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Drug-induced renal Fanconi syndrome


Hall, A M; Bass, P; Unwin, R J (2014). Drug-induced renal Fanconi syndrome. QJM : An International Journal of Medicine, 107(4):261-269.

Abstract

A number of therapeutic drugs are toxic to the kidney proximal tubule (PT) and can cause the renal Fanconi syndrome (FS). The most frequently implicated drugs are cisplatin, ifosfamide, tenofovir, sodium valproate and aminoglycoside antibiotics, and the new oral iron chelator deferasirox has also recently been associated with FS. The incidence of full or partial FS is almost certainly under-estimated due to a lack of appropriate systematic studies, variations in definitions of tubular dysfunction and under-reporting of adverse events. The clinical features of FS are amino aciduria, low molecular weight proteinuria, hypophosphataemia, metabolic acidosis and glycosuria. The most serious complications are bone demineralization from urinary phosphate wasting and progressive decline in kidney function. Commonly used tests for kidney function such as estimated glomerular filtration rate and urine albumin/creatinine ratio are not sensitive markers of PT toxicity; patients at risk should thus be monitored with more appropriate tests, and drugs should be stopped or reduced in dose if toxicity occurs. Substantial recovery of PT function can occur after withdrawal of therapy, but this can take months and chronic damage may persist in some cases.

Abstract

A number of therapeutic drugs are toxic to the kidney proximal tubule (PT) and can cause the renal Fanconi syndrome (FS). The most frequently implicated drugs are cisplatin, ifosfamide, tenofovir, sodium valproate and aminoglycoside antibiotics, and the new oral iron chelator deferasirox has also recently been associated with FS. The incidence of full or partial FS is almost certainly under-estimated due to a lack of appropriate systematic studies, variations in definitions of tubular dysfunction and under-reporting of adverse events. The clinical features of FS are amino aciduria, low molecular weight proteinuria, hypophosphataemia, metabolic acidosis and glycosuria. The most serious complications are bone demineralization from urinary phosphate wasting and progressive decline in kidney function. Commonly used tests for kidney function such as estimated glomerular filtration rate and urine albumin/creatinine ratio are not sensitive markers of PT toxicity; patients at risk should thus be monitored with more appropriate tests, and drugs should be stopped or reduced in dose if toxicity occurs. Substantial recovery of PT function can occur after withdrawal of therapy, but this can take months and chronic damage may persist in some cases.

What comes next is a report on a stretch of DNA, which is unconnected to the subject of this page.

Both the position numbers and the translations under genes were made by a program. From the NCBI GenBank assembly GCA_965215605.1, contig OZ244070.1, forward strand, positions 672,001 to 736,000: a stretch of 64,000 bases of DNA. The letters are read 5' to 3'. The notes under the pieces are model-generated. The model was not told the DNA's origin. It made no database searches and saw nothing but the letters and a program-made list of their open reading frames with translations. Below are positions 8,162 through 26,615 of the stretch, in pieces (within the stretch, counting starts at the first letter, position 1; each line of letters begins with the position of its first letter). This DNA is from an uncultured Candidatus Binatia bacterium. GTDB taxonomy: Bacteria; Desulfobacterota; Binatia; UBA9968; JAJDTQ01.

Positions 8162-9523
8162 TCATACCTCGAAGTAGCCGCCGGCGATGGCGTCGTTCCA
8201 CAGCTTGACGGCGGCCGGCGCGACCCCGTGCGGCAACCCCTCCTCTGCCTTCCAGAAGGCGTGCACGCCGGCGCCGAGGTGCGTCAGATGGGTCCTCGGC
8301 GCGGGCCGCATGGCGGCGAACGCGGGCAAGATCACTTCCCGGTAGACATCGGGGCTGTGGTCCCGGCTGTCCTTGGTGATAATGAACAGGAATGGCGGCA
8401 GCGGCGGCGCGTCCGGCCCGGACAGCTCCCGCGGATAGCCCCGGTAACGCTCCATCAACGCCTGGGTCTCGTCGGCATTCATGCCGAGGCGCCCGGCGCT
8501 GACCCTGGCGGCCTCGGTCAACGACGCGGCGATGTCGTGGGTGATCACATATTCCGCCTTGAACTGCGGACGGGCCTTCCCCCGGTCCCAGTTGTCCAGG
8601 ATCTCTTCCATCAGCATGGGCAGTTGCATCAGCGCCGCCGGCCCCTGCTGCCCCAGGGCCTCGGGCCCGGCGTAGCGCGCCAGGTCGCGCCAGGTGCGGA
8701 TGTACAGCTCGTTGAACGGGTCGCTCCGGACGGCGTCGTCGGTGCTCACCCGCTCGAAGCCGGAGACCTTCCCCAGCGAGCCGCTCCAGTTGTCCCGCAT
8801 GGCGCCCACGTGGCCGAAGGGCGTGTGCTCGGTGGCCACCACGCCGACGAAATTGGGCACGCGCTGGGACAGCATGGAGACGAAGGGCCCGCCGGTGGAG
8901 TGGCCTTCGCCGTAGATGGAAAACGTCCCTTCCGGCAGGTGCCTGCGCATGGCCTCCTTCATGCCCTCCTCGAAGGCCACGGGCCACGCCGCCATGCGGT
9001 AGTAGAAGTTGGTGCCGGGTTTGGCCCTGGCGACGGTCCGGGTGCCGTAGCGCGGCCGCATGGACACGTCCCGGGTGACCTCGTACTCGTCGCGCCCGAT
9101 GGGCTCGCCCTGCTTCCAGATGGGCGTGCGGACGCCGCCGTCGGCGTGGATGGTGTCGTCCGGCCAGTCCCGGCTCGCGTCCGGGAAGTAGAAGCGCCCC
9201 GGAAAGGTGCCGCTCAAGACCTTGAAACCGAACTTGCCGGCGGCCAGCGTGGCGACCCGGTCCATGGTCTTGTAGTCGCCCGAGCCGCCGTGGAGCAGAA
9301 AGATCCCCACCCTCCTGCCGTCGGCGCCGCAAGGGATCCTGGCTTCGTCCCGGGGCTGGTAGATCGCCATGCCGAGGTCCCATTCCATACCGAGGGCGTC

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12 citations in Web of Science®
12 citations in Scopus®
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Additional indexing

Item Type:Journal Article, refereed, further contribution
Communities & Collections:04 Faculty of Medicine > Institute of Anatomy
Dewey Decimal Classification:570 Life sciences; biology
610 Medicine & health
Language:English
Date:2014
Deposited On:17 Dec 2015 09:42
Last Modified:05 Apr 2016 18:52
Publisher:Oxford University Press
ISSN:1460-2393
Publisher DOI:https://doi.org/10.1093/qjmed/hct258

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